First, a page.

Video: California budget goes bust

updated 5/20/2009 7:29:14 PM ET 2009-05-20T23:29:14

California Gov. Arnold Schwarzenegger said Wednesday he's heard "loud and clear" a voter message to take care of deficits through budget cuts alone, without passing additional costs along to them.

Voters on Tuesday resoundingly rejected Schwarzenegger's package of budget-balancing measures that he promised would temporarily fix the state's financial crisis.

Instead, he now faces a $21.3 billion budget deficit.

Schwarzenegger said the state's residents have had to sell off motorcycles, second cars and hold garage sales to make ends meet in recent months. Now, they're telling state officials that the government has to shrink, too.

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"Don't come to us for extra help. That was the message," Schwarzenegger said after a meeting with Health and Human Services Secretary Kathleen Sebelius. "And you know something. I appreciate that when you hear that from the people. It gives us a chance to go and adjust, and say 'OK, we went in the wrong direction. Now lets go in the right direction and lets go do what the people want.' "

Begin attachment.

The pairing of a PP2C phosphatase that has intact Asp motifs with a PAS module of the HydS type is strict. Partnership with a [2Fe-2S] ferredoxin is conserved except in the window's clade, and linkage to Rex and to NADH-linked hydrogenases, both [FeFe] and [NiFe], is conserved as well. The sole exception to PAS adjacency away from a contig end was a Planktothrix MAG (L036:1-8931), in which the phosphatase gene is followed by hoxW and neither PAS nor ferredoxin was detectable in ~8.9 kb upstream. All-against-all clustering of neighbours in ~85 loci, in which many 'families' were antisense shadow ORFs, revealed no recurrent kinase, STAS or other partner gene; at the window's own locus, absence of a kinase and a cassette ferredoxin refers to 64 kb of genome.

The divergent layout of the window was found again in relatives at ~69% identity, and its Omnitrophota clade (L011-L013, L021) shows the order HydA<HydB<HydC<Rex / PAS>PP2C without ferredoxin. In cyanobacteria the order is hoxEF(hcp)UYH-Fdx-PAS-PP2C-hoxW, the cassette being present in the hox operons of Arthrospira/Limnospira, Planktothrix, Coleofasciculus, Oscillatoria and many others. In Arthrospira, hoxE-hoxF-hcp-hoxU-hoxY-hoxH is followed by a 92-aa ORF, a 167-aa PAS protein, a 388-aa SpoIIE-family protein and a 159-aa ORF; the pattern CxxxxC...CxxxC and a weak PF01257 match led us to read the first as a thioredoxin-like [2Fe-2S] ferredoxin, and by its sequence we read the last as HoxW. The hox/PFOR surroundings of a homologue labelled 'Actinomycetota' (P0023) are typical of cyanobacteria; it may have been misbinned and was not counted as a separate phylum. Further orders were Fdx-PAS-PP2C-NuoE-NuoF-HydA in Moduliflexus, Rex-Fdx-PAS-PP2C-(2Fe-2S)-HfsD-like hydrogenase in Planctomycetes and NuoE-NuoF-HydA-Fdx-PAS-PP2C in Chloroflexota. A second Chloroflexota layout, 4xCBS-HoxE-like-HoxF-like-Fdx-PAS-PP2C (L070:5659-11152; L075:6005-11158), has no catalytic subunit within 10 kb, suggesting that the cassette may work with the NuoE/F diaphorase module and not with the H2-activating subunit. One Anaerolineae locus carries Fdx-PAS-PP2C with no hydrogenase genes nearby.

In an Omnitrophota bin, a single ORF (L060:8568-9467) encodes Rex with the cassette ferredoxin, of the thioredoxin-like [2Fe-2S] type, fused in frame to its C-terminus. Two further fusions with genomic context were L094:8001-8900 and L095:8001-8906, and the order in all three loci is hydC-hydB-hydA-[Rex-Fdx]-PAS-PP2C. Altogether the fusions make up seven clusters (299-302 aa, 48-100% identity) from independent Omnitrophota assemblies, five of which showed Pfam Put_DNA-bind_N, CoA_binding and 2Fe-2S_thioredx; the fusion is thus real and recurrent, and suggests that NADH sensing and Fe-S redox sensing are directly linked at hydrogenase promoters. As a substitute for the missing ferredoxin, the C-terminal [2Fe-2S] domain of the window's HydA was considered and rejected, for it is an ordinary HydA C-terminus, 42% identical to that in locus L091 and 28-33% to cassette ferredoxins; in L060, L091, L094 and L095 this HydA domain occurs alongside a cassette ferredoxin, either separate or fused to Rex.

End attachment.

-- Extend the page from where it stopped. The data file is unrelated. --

Still, Schwarzenegger said the budget cuts to come may be more painful than California voters realize. While they may not want to pay more for services, they can't say specifically which services they would pare, he said.

He said cuts will certainly come in education, health care and in prisons by transferring undocumented immigrants to federal facilities and transferring more non-violent offenders to local jails. He plans to meet with state lawmakers in the afternoon to discuss the state's options.

Schwarzenegger did get some good news on Wednesday. The federal government informed him that California will remain eligible for an extra $8 billion in Medicaid funds despite complaints from unions that it violated the terms for getting extra stimulus dollars for health care.

The governor said he felt all along the state should trim certain government services, but he didn't want to make what he described as drastic cuts.

"Now we have to. There's no other choice. I think the message was clear from the people: Go all out and make those cuts and live within your means," Schwarzenegger said.

Copyright 2009 The Associated Press. All rights reserved. This material may not be published, broadcast, rewritten or redistributed.

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